Changes affecting the sheep sector: Breeding and regulation

The UK sheep sector is emerging from a period of remarkable adjustment, with today’s national flock shaped by three decades of change led by breeding policies, government support strategies and disease outbreaks. 

Wind the clock back to 1990 and the quality of sheep on UK farms paled in comparison with the flocks now grazing the hills and lowlands.

The past 30 years have seen significant changes, driven in part by breeding and an end to a support system that paid farmers based on ewe numbers.

The result, concludes National Sheep Association chief executive Phil Stocker, is better quality sheep, improved lamb conformation, and reduced fat levels.

See also: Slatted sheep shed builds resilience into upland farm

Use of estimated breeding values, particularly at the top of the breeding pyramid, has been a factor, as has a fall in stratification – the cross-breeding of upland ewes for finished lamb production in the lowlands.

More farmers now run closed systems to improve their flocks’ disease and parasite status, and to allow them to use breeding records and retain sheep from improved bloodlines. 

Despite the decline in stratification to 50% in 2021, it remains strong, and the quality of those breeding sheep in these systems has improved, says Mr Stocker.


Breed changes

There are fewer native pure-bred ewes than in 1990 and more cross-breds.

The Texel, says Mr Stocker, has had a big influence as a terminal and maternal sire.

The Lleyn and Romney breeds have benefited from an upsurge in popularity as more sheep producers have moved towards closed flocks and there are notably more wool-shedding Easycare and Exlana types.

Breeds including the Charollais and Beltex are now common, as are initiatives to improve genetics across most breeds; the emergence of the Innovis Aber lines and the Meatlinc has been based on using performance records.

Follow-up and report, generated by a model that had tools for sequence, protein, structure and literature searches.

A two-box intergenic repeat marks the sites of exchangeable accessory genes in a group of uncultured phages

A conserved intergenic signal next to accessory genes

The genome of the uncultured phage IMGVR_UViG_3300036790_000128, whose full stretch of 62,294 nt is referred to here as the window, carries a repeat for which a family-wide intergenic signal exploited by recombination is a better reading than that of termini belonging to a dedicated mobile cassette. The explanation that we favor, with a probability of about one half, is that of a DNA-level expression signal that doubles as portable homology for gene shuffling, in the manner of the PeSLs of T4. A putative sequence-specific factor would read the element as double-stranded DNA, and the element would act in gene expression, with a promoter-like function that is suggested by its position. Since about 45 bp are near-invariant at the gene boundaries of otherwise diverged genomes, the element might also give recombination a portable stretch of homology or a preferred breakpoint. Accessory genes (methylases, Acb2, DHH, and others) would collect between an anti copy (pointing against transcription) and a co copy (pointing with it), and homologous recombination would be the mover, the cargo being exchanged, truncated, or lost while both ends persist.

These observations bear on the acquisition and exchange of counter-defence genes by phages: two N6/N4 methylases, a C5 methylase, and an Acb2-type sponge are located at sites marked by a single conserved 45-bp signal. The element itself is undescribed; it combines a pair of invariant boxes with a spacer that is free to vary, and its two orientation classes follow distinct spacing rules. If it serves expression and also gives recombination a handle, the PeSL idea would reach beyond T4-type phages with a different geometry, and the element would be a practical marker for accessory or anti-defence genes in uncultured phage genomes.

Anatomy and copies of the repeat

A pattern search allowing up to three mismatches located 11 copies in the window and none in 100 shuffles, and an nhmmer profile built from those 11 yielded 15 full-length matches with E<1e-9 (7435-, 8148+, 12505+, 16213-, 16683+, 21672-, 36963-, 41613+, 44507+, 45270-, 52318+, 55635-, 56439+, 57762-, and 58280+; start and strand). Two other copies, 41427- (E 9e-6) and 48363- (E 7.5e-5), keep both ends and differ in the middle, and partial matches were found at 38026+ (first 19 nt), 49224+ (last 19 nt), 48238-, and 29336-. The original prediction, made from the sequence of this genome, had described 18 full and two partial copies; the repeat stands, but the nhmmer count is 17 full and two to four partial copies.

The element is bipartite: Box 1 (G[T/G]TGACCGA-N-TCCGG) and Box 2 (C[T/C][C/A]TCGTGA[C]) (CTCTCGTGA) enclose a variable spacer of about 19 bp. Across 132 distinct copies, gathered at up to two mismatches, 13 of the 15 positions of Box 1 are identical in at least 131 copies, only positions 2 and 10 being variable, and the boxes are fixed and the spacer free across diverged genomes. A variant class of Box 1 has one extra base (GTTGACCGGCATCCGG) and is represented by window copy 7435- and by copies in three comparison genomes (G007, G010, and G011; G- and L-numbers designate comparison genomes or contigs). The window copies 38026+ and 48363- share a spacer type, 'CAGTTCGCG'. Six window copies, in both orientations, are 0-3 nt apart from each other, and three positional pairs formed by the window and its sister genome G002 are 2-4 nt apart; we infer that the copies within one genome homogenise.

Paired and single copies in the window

Support payments

In 1990, the sheep industry was incentivised by ewe headage payments, from £17-£22 a head, and this encouraged scale.

When support policies disconnected from headage, and environmental schemes discouraged flock scale in the uplands, numbers fell to their lowest levels in 2008 and haven’t recovered since.  

Increased red tape and changing consumer habits

New regulations have focused on traceability, health, disease and welfare, and include electronic identification, movement reporting, and stricter controls on livestock transport.

Consumer eating habits have also played a part in the reconfiguration of the national flock.

Consumption declined as cheaper chicken and pork replaced lamb in shopping baskets, but population growth stopped total consumption volumes falling dramatically, and export opportunities have grown.

“There are signs the tide is turning, with Covid resulting in an increase in lamb consumption, promotion of lamb in cookery programmes, advertising and promotion by levy bodies,’’ observes Mr Stocker.

The halal market has been growing too.


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